Ice to Meet You!


Batman ’66 #2

The Penguin is back in Gotham City, and he’s parked a gigantic iceberg in the middle of Gotham Harbor to block shipping traffic. And he’s somehow managed to get his iceberg declared a separate nation, meaning the police are helpless to run him off. And just to make things worse, his accomplice in this caper is the dastardly Mr. Freeze! Can Robin save the day when Batman is captured by the cold-hearted criminals? And in the backup story, Bruce Wayne takes Kathy Kane on a date to see a performance by reformed piano-playing crook Chandell. But his co-performer is Lorelei Circe, the Siren, and she uses her hypnotic voice to make all the men in the audience her slaves. Batman, luckily, has made himself immune to her spell, but she uses a mysterious vocal treatment to make the Caped Crusader hallucinate. Can anyone save Batman from the Siren’s song?

Verdict: Thumbs up. The thing I’m really enjoying about this series is it lets us get an idea of what the producers of the campy ’60s show could’ve done with a big budget. Giant icebergs and submarines? Sure. Lengthy hallucinatory episodes? Why not! It’s great fun, and I’m looking forward to more.


X-Men #4

While most of the new X-team is trying to rescue a crashing jetliner (and while Storm and Rachel Grey argue with each other about whether Storm is fit for leadership), Jubilee takes Wolverine and her adopted baby Shogo on a tour around Santa Monica, California, where she grew up.

Verdict: Thumbs up. I know, I didn’t spend a long time describing the plot, ’cause it really didn’t need a whole lot of space. They’re both absolutely outstanding stories — the plane rescue is tense and exciting, and the argument between Storm and Rachel is quite well done — their disagreement makes perfect sense, and their views are honestly presented, with neither one assumed to be correct. But I thought the high point was Jubes and Logan hanging out and chatting in California. They’re great characters, and they play off each other really well. I think I’d be A-OK with Marvel making a “Wolverine and Jubilee Hang Out and Chat” comic book.

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  1. Buryak Said,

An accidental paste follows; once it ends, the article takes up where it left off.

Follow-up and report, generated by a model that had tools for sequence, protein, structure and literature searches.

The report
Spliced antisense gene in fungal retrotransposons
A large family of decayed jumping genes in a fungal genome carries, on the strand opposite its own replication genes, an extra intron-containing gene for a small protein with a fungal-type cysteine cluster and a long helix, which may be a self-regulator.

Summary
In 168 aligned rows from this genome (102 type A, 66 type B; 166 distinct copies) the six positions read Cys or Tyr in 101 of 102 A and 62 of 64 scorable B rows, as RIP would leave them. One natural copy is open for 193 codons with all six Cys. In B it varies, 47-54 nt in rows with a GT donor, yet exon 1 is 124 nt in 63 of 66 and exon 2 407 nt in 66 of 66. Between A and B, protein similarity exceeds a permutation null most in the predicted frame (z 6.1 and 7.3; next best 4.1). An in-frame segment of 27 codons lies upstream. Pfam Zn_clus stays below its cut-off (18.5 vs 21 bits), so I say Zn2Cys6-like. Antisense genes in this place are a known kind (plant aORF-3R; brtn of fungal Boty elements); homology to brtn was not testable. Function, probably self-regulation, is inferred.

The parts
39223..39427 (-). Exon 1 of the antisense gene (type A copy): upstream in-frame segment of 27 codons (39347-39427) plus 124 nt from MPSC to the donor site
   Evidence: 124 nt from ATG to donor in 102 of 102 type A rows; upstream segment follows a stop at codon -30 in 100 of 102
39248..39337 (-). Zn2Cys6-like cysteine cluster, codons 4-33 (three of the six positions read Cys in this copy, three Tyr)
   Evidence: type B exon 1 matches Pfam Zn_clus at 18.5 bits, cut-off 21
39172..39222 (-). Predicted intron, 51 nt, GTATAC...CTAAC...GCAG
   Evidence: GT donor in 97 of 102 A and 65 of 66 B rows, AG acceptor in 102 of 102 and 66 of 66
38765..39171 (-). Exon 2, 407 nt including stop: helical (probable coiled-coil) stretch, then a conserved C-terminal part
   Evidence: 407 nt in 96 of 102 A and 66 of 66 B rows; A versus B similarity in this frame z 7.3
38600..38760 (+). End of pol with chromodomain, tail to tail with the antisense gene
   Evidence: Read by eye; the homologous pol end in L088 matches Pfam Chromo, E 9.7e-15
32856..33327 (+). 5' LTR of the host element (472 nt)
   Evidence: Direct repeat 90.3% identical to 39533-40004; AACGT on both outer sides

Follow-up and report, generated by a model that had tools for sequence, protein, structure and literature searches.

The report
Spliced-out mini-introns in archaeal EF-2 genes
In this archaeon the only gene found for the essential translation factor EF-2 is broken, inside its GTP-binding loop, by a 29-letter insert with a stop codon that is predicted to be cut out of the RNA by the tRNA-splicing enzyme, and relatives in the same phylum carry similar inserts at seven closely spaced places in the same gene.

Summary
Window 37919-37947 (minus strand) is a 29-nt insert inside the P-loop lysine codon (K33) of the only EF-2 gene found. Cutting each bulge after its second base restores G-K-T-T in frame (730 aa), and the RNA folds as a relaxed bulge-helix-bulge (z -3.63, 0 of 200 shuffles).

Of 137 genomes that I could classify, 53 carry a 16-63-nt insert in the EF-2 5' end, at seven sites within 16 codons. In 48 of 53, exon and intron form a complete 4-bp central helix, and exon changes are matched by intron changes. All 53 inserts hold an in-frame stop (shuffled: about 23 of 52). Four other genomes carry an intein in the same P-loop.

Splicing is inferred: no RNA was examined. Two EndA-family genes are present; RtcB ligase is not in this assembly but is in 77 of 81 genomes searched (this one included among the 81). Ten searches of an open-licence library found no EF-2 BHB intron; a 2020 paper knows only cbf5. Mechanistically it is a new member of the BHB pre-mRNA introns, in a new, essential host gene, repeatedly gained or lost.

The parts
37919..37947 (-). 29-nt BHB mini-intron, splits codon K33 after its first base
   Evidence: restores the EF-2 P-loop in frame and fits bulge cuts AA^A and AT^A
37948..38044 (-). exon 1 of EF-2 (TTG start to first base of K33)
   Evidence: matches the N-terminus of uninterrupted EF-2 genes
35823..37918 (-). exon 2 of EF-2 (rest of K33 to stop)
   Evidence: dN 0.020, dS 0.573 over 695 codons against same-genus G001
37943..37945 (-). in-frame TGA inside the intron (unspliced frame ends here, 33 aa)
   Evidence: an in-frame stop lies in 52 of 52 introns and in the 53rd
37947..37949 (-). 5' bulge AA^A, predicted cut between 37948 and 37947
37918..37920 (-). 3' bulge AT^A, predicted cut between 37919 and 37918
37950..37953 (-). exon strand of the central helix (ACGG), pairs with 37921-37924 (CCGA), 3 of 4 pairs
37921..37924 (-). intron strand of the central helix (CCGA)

August 25, 2013 @ 5:19 am

    People can interpret it however they want, but until Brian Bolland or Alan Moore come out and say it, the Joker didn’t get his neck broke at the end of the Killing Joke. With how comics are going, as far as ‘realism’ and whatnot, I will always believe that Batman would never kill… other than the Golden Age stuff, where his character was at its infancy and so was the superhero genre which was still influenced by the ultraviolent pulps. I’m tired of all these ‘heroes’ in modern comics killing so easily and non-chalantly. Wolverine, the Punisher, etc. A real hero, in my eyes, practices control in the name of justice. To want to see justice served within the confines of a morally intentioned justice system. I hate how western society celebrates murder as a virtue. How a real life sniper is heralded as a hero for killing over a hundred people or Obama being okay with killing Bin Laden without a trial regardless of being at war. These were all human beings with the right to be treated within these same set of rules we all have a right to be judged through. Murder is murder. And murder is the ultimate of crimes. There’s nothing heroic or moral about it. Don’t get me wrong, I enjoy violence and disturbing stuff in my entertainment, but when you take an iconic figure who’s whole identity is that of someone who’s trying to do the right thing, as extreme as it is, and try to ‘gritty’ him up by going against everything he stands for… sorry, don’t buy it.

  2. scottslemmons Said,

    August 25, 2013 @ 6:35 am

    The case could be made, of course, that Moore, ever the iconoclast, could write a story about a murderous superhero, either to show it could be done, or to stick a thumb in DC’s eye. However, I really do think that he’s too good a writer to do it the way this theory has him doing it — rejecting all previously established in-story character moments and the basics of good storytelling for the sake of a last-page derailment. Moore wouldn’t ever do it that way.

  3. JD Said,

    August 30, 2013 @ 5:04 pm

    Though the juxtaposition of these comments with this review has me imagining Moore’s Joker up against Batman ’66.